It wasn't hard for Black Sabbath guitarist Tony Iommi to get Henry Rollins to appear on his all-star solo debut, Iommi.
All he had to do was play Rollins the riff for "Laughing Man (In the Devil Mask)."
"I said, 'Whoa, that's Iommi,'" said Rollins, who jumped at the chance to write lyrics and sing on the track. "To have your voice synched up with that sound for three or four minutes in your life, to me, that is a stone-cold honor."
That kind of reaction was shared by other guests on the disc who had grown up with Iommi's thick, crunching guitar tone in such Sabbath classics as "Iron Man," "Paranoid," and "War Pigs."
Smashing Pumpkins head Billy Corgan, Foo Fighters frontman Dave Grohl, and Pantera leader Phil Anselmo were among the disc's contributors, along with such veterans as Billy Idol, the Cult's Ian Astbury, and Sabbath foil Ozzy Osbourne.
"They did all the lyrics and melodies they were singing," Iommi said of his guests. "I wouldn't ask somebody to come in and join me on a track and tell them what to do. The whole purpose of it was the amalgamation of it all, to see what happens."
What happened was a collaborative effort, released October 17, that might be viewed as a hard-rock cousin to Santana's Supernatural in its mix of youth and experience.
"A few people have said that - that it's a heavy version of the Santana thing - but I've had the idea for a few years," said Iommi, who was delayed by a reunion tour of the original Sabbath. "It's just more or less that he beat me to it.
"I wanted a selection from old to new [singers], which I've got. The only one I couldn't get was Tom Jones. I wanted to get him on, but he was too busy at the time doing his own project.
"You never know what you're letting yourself in for when you're getting involved with other people. So it was actually great to get into the studio together and really click - and we all did. It's amazing. I was very impressed with the way each one of them worked, just the different characters and the way they took the songs on."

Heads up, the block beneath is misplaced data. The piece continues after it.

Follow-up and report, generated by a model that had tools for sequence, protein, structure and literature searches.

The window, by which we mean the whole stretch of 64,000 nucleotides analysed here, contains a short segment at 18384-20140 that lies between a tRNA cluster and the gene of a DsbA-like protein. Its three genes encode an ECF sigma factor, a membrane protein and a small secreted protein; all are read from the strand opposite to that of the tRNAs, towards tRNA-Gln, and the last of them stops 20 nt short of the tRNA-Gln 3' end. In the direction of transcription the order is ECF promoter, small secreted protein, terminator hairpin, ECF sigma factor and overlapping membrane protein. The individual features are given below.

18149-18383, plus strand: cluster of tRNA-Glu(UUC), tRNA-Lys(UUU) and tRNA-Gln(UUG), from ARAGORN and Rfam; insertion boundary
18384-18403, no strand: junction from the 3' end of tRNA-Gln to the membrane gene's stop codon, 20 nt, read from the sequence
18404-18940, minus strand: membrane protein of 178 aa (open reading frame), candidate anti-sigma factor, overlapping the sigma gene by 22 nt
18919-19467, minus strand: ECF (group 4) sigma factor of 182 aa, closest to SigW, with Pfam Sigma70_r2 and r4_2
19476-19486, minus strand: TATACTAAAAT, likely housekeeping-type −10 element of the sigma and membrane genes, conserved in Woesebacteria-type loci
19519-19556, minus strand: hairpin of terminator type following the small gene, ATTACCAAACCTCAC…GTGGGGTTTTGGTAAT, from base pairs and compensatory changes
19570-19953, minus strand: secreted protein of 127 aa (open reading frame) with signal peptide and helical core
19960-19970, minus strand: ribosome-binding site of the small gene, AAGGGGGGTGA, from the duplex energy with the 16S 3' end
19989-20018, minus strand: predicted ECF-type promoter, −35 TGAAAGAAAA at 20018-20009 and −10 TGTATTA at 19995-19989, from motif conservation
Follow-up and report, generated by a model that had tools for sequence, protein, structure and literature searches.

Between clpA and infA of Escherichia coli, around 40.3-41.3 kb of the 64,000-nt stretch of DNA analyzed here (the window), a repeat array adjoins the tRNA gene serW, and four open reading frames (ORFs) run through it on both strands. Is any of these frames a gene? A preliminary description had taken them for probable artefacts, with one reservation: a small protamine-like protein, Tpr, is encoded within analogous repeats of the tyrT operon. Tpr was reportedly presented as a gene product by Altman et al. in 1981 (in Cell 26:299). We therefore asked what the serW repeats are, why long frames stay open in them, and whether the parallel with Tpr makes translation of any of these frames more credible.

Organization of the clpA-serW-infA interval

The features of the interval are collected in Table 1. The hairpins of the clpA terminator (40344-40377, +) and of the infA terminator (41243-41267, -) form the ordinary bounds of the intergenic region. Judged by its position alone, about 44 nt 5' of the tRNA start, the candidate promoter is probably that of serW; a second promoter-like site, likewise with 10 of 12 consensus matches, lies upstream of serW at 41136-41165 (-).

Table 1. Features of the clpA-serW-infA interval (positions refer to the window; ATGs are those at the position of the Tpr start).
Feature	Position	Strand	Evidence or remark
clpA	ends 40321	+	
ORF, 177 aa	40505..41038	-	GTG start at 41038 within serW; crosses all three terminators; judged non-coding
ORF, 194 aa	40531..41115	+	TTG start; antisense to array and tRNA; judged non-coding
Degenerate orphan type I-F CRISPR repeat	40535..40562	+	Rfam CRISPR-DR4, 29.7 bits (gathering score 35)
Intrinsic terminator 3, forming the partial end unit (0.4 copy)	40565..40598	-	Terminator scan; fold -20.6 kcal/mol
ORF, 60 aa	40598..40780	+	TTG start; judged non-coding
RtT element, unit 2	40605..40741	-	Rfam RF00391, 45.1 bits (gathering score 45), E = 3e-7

At times, the process was spontaneous, as when Corgan arrived at the studio with drummer Kenny Aronoff and picked up a bass to carve "Black Oblivion" from a jam.
"In the morning, we came up with a riff, and in the afternoon, we were putting it to tape," Iommi said. "Billy was writing the lyrics while I'm doing some overdubs."
Nonetheless, there's surprising continuity to the tracks, which shift from the emotionally volcanic "Meat," with singer Skin of Skunk Anansie, to the melodic majesty of Grohl's "Goodbye Lament," to more brooding takes from Type O Negative's Peter Steele and System of a Down’s Serj Tankian.
In the Osbourne track, "Who's Fooling Who," Iommi found some familiar chemistry. "I didn't actually intend to have Ozzy on the record. I'm really glad he did it," he said. "We were sitting down together one day, and Ozzy said, 'Aren't you going to have me on the album?' I said, 'Ah, sure.'"
Sabbath drummer Bill Ward was also at that table, and wanted in. "I more or less had a sound before we actually got together as Black Sabbath," Iommi said. "I was in a band with Bill Ward and we played a lot of blues and stuff, loads of guitar solos, and I developed a sound from that.
"When we first came out with Black Sabbath, nobody was doing anything like that. It was the whole mood of it, just because it was heavy and loud and doomy. It just hit a spot with everybody."
Rollins included. "I'm such a fan, I had him sign my lyric sheet," the tattoo-clad vocalist said. "He means a lot, and his band and his music have meant a lot to people for decades. Black Sabbath is one of the most universally spoken languages in music."
In addition to the singers who brought their own lexicon to Iommi's solo project, guests included Pearl Jam drummer Matt Cameron and Queen guitarist Brian May.
"There's no way you could have done this in the '70s," said Iommi, who remembers catching flak from his Sabbath mates for appearing on a solo record by Procol Harum's Bobby Harrison that even tapped horns from Tower of Power. "Everybody was into their own band, and if you ventured out of that band, you were a traitor."
Things are different now - apart from the timeless sound of Iommi's Gibson SG. "The original guitar I kept under lock and key, and it will remain there unless somebody offers me $100,000 for it, and then it will go away," Iommi said, before reconsidering. "No, I'll keep that. That's my history there."